Miller Hudson

Miller Hudson

Five weeks ago I noted the legislative exertions of the TABOR Band-Aid brigade and its 2019 ballot proposal to de-Bruce state revenues going forward, thereby allowing the Colorado Legislature to retain any and all future TABOR surpluses. A companion measure promises these moneys will be transferred exclusively to the sacred trinity of transportation, K-12 and higher education funding. That measure is now on its way to voters.

It may be making the trip with at least two other tax questions. First up is approval of sports betting in Colorado with a 10% tax rake from the top of all bets to be reserved for implementation of the state water plan. House Majority leader Alec Garnett and Minority Leader Patrick Neville have jumped on the U. S. Supreme Court’s decision that sports wagering is a matter for states to administer as they see fit. While it’s unlikely these tax dollars will ever prove sufficient to fund actual projects, they should help move Colorado’s planning process along — a worthy goal. Residual squabbling exists over who gets to take bets, including a provision for internet gaming, but that’s likely to sort itself out prior to sine die.

Lunging out of the shadows last week is a burly proposal, swiftly passed out of House committee with the governor’s endorsement, to triple tobacco taxes while imposing a 60% levy on vaping products. Projections that these might generate as much as $300 million annually for pre-school programs and the reduction of health care costs represent real money. If you notice a pattern, it’s because there is a pattern here. Identify a prospective revenue source, swaddle it in good intentions and hope voters can be convinced they won’t actually pay for the purported benefits. The attraction of sin taxes is that only sinners will pay them. Consider the ready approval of marijuana taxes at the municipal, county and state levels.

Following approval of the U. S. Constitution, Congress attempted to pay off the nation’s war debts primarily with tariffs and sin taxes. This resulted in the Whiskey Rebellion that required dispatching George Washington, as president, and 13,000 militia members to burn stills in Pennsylvania. Whenever taxes become confiscatory they not only generate black markets, but the economic costs of evasion can prove less than the price of compliance. New Yorkers have proven willing to pay five dollars a pack for cigarettes and so may Colorado smokers. Perhaps not.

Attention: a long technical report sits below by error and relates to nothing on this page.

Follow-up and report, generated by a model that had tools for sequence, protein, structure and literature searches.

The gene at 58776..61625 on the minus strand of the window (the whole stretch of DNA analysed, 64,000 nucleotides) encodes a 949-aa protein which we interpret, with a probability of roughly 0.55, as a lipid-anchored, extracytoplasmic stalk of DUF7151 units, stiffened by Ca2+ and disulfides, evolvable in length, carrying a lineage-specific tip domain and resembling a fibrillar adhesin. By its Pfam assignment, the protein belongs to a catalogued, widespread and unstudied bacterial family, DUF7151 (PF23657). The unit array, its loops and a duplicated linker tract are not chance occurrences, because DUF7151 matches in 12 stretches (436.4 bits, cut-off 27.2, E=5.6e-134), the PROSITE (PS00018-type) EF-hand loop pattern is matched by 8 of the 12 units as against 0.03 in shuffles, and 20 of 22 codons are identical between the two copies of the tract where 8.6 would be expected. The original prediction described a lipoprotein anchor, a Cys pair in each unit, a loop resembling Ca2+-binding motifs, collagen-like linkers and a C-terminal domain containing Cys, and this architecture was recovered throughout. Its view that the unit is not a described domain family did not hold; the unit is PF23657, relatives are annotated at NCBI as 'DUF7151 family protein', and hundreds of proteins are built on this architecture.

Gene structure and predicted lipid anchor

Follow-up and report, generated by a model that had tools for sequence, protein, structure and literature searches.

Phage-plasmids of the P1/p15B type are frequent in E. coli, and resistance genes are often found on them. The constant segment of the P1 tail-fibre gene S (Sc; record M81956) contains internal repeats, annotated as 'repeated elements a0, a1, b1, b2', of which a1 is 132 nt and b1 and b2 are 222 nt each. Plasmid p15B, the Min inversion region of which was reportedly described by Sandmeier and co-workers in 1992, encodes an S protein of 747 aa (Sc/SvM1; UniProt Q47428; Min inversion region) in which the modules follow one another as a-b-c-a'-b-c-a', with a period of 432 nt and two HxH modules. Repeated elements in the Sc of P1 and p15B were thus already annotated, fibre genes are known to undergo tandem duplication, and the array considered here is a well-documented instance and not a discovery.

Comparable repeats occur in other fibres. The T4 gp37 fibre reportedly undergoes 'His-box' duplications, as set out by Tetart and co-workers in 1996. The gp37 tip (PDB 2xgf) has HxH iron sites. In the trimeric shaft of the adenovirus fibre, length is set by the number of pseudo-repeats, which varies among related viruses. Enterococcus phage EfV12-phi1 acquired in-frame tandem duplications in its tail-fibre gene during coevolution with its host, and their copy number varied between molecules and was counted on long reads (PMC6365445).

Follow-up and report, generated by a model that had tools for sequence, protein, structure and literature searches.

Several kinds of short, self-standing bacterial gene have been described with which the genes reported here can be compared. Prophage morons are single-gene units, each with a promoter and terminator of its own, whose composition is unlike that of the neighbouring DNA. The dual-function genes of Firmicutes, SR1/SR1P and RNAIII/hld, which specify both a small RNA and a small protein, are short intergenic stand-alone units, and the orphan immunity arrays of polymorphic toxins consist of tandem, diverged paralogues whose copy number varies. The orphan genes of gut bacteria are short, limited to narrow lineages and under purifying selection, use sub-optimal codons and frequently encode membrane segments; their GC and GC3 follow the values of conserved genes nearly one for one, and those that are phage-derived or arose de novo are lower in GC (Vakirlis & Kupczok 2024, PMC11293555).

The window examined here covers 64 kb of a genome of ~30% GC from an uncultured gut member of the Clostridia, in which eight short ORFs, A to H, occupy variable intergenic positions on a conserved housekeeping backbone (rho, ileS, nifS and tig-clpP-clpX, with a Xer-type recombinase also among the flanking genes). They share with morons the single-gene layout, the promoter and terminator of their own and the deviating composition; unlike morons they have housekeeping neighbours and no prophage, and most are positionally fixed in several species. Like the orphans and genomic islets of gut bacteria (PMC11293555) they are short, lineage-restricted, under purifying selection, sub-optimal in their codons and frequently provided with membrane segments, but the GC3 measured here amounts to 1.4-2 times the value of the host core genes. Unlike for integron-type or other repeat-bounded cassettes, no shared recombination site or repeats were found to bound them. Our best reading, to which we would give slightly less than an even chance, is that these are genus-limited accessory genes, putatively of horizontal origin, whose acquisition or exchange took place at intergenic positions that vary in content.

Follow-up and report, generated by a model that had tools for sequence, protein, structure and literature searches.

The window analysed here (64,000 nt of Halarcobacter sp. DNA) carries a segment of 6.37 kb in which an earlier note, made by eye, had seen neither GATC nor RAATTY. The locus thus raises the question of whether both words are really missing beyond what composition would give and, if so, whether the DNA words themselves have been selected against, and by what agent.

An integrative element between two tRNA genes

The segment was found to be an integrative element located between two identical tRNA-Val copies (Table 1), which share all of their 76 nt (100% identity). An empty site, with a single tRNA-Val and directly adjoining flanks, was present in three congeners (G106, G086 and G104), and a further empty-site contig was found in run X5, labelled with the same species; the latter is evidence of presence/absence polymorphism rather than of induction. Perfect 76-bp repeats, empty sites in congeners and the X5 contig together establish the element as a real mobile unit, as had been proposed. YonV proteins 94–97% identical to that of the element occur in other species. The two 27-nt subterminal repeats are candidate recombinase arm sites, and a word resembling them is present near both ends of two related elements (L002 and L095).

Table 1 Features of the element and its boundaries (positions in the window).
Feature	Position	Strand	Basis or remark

Let’s not kid ourselves — all the fine phrases about protecting public health by reducing the number of teenage vapers is largely a smokescreen to obscure a money grab. I might feel better about all this if there appeared to be a coordinated strategy at work for expanding state revenues. You don’t have to be either an economist or a demographer to recognize that, like the lottery, these are flagrantly regressive mechanisms designed to fund government on the backs of residents with the fewest resources. Beyond this distasteful reality is the fact that the revenues are being earmarked to finance special-interest priorities, however noble their purpose. Consequently Colorado’s fiscal house of cards grows more precarious and legislative budgeting ever more convoluted with each new ballot approval.

Taxes are perceived as fairer when there is an apparent connection between the source of revenue and the programs they fund. What possible nexus is there between vaping and the funding of additional slots in pre-school classrooms? While raising taxes on tobacco and vaping may be warranted, wouldn’t it make more sense to direct resulting revenues entirely to health care costs? We may not have seen the last of TABOR questions that will appear on the 2019 ballot. Several citizen groups are currently advancing “fixes” through the initiative process. If past results teach us anything it is that the more tax questions that appear, the smaller the chance of success for any.

Colorado’s scattershot history of tinkering with TABOR is evidence of a larger system failure. If the path to Hades is indeed paved with good intentions, we are well on our way to perdition. It may eventually require a constitutional convention to unravel TABOR, Gallagher, Amendment 23 and their interactions. A few more gimmicks can buy us time, but only a comprehensive rethinking of Colorado’s fiscal rules will restore sanity to taxing and spending. Without a comprehensive strategy to restore fiscal authority, we will eventually trip over the can we keep kicking down the road.

Miller Hudson is a public affairs consultant and a former state legislator. He can be reached at mnhwriter@msn.com.

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